Some images haunt. Throughout the 1990s, the image of the jagged cavern blasted into the basement of the World Trade Center seemed to me to be a undecipherable icon, revealing the powerful subterranean forces that would shape our time. On September 11, 2001, Al Qaeda decoded this symbol of doom.
Last week, I witnessed a foreboding image of another sort as I stood in an unfurnished five-bedroom apartment on the 50th floor of a newly constructed building in Dubai. Neither the thick coating of desert dust nor patchy repairs concealed the two-foot-high watermark from a mysterious interior flood. Still newer towers of raw concrete loomed outside the window, some complete but unoccupied, others seemly arrested in mid-ascent, 60 to 70 floors above the sand. The view offered tiny vertical slices of sea, fragments of Palm Island and the newly opened Atlantis Hotel. Built with optimism and imagination, surrounded by the hope of glided glamour, these edifices now stand abandoned.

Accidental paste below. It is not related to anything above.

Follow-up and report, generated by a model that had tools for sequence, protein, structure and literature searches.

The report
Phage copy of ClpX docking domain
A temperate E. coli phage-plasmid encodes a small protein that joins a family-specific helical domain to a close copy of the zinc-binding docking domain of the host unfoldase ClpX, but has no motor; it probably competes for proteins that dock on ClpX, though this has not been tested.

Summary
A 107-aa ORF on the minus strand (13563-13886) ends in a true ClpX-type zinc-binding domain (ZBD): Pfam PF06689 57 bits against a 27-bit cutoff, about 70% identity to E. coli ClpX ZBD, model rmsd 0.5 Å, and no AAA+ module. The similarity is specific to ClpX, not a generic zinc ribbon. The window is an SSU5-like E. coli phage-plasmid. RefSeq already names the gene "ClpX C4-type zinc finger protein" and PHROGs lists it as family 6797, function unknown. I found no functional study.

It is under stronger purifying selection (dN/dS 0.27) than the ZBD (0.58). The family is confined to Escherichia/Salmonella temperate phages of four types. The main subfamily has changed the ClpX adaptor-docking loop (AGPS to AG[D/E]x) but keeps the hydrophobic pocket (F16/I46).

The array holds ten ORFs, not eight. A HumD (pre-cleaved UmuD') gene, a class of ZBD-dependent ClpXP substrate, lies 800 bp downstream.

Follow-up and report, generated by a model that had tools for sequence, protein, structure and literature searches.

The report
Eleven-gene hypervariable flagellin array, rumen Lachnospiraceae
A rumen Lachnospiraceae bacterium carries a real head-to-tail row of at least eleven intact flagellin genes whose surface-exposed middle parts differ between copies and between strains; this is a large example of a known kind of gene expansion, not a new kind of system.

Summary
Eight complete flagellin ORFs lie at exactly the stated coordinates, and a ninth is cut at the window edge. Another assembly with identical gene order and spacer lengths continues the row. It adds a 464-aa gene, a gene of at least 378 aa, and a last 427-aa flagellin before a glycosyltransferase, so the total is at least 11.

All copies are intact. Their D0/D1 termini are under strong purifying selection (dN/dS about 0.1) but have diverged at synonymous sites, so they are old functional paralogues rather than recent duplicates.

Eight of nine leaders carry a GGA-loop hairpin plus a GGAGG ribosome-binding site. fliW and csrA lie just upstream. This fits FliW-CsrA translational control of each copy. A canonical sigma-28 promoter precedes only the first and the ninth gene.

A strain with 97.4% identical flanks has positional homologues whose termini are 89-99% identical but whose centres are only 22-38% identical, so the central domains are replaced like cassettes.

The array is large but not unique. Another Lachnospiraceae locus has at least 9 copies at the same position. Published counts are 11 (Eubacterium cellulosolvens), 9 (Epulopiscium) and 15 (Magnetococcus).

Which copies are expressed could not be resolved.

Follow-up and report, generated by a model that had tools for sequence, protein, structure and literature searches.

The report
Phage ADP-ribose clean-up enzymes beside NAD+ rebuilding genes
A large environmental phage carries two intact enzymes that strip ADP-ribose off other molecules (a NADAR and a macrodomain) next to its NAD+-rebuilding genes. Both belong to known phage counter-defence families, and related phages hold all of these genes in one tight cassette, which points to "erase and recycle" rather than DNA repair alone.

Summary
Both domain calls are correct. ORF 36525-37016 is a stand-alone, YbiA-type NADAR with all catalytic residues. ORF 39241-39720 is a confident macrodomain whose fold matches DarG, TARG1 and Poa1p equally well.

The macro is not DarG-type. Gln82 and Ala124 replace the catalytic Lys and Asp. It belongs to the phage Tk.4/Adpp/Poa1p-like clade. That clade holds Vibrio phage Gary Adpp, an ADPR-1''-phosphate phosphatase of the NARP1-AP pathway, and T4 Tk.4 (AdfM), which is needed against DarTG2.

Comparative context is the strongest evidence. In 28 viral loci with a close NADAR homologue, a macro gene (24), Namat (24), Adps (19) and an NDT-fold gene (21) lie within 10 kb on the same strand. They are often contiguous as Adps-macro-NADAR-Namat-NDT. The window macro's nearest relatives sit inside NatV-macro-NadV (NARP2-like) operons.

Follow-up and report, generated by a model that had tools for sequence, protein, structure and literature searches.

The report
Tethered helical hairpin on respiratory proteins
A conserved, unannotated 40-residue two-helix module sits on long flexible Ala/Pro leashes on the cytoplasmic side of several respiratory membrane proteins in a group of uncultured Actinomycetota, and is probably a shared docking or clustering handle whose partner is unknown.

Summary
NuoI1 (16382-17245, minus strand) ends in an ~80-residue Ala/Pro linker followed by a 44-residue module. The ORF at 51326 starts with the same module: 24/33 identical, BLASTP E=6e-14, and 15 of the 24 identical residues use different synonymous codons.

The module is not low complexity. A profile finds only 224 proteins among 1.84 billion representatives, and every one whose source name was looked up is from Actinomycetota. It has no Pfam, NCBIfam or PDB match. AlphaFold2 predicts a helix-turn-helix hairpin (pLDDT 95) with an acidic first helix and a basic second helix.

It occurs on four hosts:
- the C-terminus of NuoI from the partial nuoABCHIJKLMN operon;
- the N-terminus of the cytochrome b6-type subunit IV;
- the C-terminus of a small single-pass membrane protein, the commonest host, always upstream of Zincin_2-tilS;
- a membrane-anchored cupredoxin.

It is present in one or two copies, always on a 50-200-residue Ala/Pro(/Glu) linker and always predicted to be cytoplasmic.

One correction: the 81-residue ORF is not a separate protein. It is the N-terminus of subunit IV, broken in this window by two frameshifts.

Like the hole seared into the World Trade Center, the view from that empty dusty apartment in Dubai now seems to beg for divination. I know that the proximal cause of this vista is the burst financial bubble, just as I knew it was denotation of a truck bomb that left the jagged crater in the center of New York City. But the ultimate consequences are still hidden from view. If our economic crisis caused this crash on this distant shore, what additional damage will it wreak upon the structures of nations and societies? Who will suffer where, when, how? Ten years on, how will we interpret this new and haunting image?